Near Fayetteville in Franklin County, Pennsylvania — The American Northeast (Mid-Atlantic)
The Good Roads Jubilee / The Lincoln Highway
One of the largest celebrations for the opening of a paved section of the Lincoln Highway was held here, at the Caledonia Forest Reserve Park, on October 4, 1921.
The new paved section of the Lincoln Highway stretched from Gettysburg to Chambersburg. It completed a 113-mile triangular paved auto-touring route from the state capital to Gettysburg, then to Chambersburg and back to Harrisburg.
An estimated 30,000 automobiles joined the celebration.
The Great Roads Jubilee Pageant was touted as the world's largest parade showing the evolution of transportation. Even George Washington's coach from Valley Forge was in the parade. Gettysburg and Wilson colleges canceled classes so students could participate. On the reviewing platform, guests from a dozen other state highway commissions joined Lincoln Highway Association members.
If you traveled to Caledonia State Park, the second oldest Pennsylvania state park, from the east or west, then you traveled the historic Lincoln Highway. In 1913, it was America's first coast-to-coast highway, stretching from New York City to San Francisco. For the most part in Pennsylvania, we know the Lincoln Highway as Route 30.
At the turn
In 1925, the Federal Highway Administration dropped highway names in favor of route numbers. In 1928, Boy Scouts across the nation helped to install nearly 2,700 cement markers. Today, less than two dozen remain in Pennsylvania.
Erected by Lincoln Highway Heritage Corridor.
Marker series. This marker is included in the Lincoln Highway marker series.
Location. 39° 54.416′ N, 77° 28.688′ W. Marker is near Fayetteville, Pennsylvania, in Franklin County. Marker is at the intersection of Lincoln Highway (U.S. Click for map. Located in Caledonia State Park. Marker is in this post office area: Fayetteville PA 17222, United States of America.
Other nearby markers. At least 8 other markers are within 6 miles of this marker, measured as the crow flies. Caledonia Furnace (a few steps from this marker); Thaddeus Stevens Blacksmith Shop (within shouting distance of this marker); a different marker also named Caledonia Furnace (within shouting distance of this marker); Mary Jemison (approx. 2.8 miles away); Chestnut Spring (approx. 5.6 miles away); Conklin Hall (approx. 5.6 miles away); Penn State Mont Alto Campus (approx. 5.7 miles away); George H. Wirt (approx. 5.7 miles away). Click for a list of all markers in Fayetteville.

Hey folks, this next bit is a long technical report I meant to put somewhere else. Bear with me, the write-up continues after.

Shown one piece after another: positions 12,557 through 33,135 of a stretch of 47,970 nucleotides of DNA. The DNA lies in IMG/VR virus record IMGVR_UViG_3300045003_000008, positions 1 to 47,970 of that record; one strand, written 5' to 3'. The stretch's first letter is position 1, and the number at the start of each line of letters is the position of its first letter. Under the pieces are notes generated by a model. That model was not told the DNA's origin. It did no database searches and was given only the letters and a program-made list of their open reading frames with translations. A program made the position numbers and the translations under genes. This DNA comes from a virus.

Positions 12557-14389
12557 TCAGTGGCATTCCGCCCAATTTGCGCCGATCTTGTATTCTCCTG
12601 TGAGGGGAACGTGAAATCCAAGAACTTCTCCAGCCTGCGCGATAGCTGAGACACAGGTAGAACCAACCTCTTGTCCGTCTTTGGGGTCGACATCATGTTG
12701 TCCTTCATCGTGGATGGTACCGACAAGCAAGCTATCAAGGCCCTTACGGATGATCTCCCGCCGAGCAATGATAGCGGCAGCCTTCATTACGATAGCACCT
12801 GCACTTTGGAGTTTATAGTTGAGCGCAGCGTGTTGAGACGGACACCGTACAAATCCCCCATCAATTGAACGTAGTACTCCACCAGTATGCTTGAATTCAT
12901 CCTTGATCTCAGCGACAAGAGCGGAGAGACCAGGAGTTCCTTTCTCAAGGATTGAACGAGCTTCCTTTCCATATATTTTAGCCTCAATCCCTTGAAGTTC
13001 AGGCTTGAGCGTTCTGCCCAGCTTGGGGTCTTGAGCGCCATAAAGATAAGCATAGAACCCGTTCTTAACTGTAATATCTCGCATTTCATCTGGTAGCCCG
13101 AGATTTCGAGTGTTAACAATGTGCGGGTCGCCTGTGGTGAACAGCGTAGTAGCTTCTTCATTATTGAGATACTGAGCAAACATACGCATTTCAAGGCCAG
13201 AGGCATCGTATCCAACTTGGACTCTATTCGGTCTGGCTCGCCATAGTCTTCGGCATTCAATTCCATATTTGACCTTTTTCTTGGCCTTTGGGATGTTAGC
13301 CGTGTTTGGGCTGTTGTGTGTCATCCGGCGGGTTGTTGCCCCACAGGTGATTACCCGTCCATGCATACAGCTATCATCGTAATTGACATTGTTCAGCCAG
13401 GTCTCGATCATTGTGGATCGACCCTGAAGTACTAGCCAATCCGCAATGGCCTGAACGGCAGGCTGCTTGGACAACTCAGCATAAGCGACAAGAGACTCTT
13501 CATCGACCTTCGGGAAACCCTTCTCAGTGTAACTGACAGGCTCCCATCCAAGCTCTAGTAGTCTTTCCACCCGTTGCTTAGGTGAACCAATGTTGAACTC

More about this marker. On the left side panel are photos of the parade, a map of the road routes mentioned in the text, and a copy of a post card discussing the event.
On the right side panel is a map of the Lincoln Highway Heritage Corridor. Photos on the panel include one of a vehicle stuck in an early dirt road and campers at Caledonia State Park. To the lower right is a photo of a road marker placed by the Boy Scouts.
Also see . . . The Lincoln Highway Heritage Corridor. (Submitted on June 3, 2009, by Christopher Busta-Peck of Shaker Heights, Ohio.)
Categories. • Roads & Vehicles •
Credits. This page originally submitted on , by Craig Swain of Leesburg, Virginia. This page has been viewed 946 times since then and 40 times this year. Photos: 1, 2, 3. submitted on , by Craig Swain of Leesburg, Virginia. This page was last revised on June 16, 2016.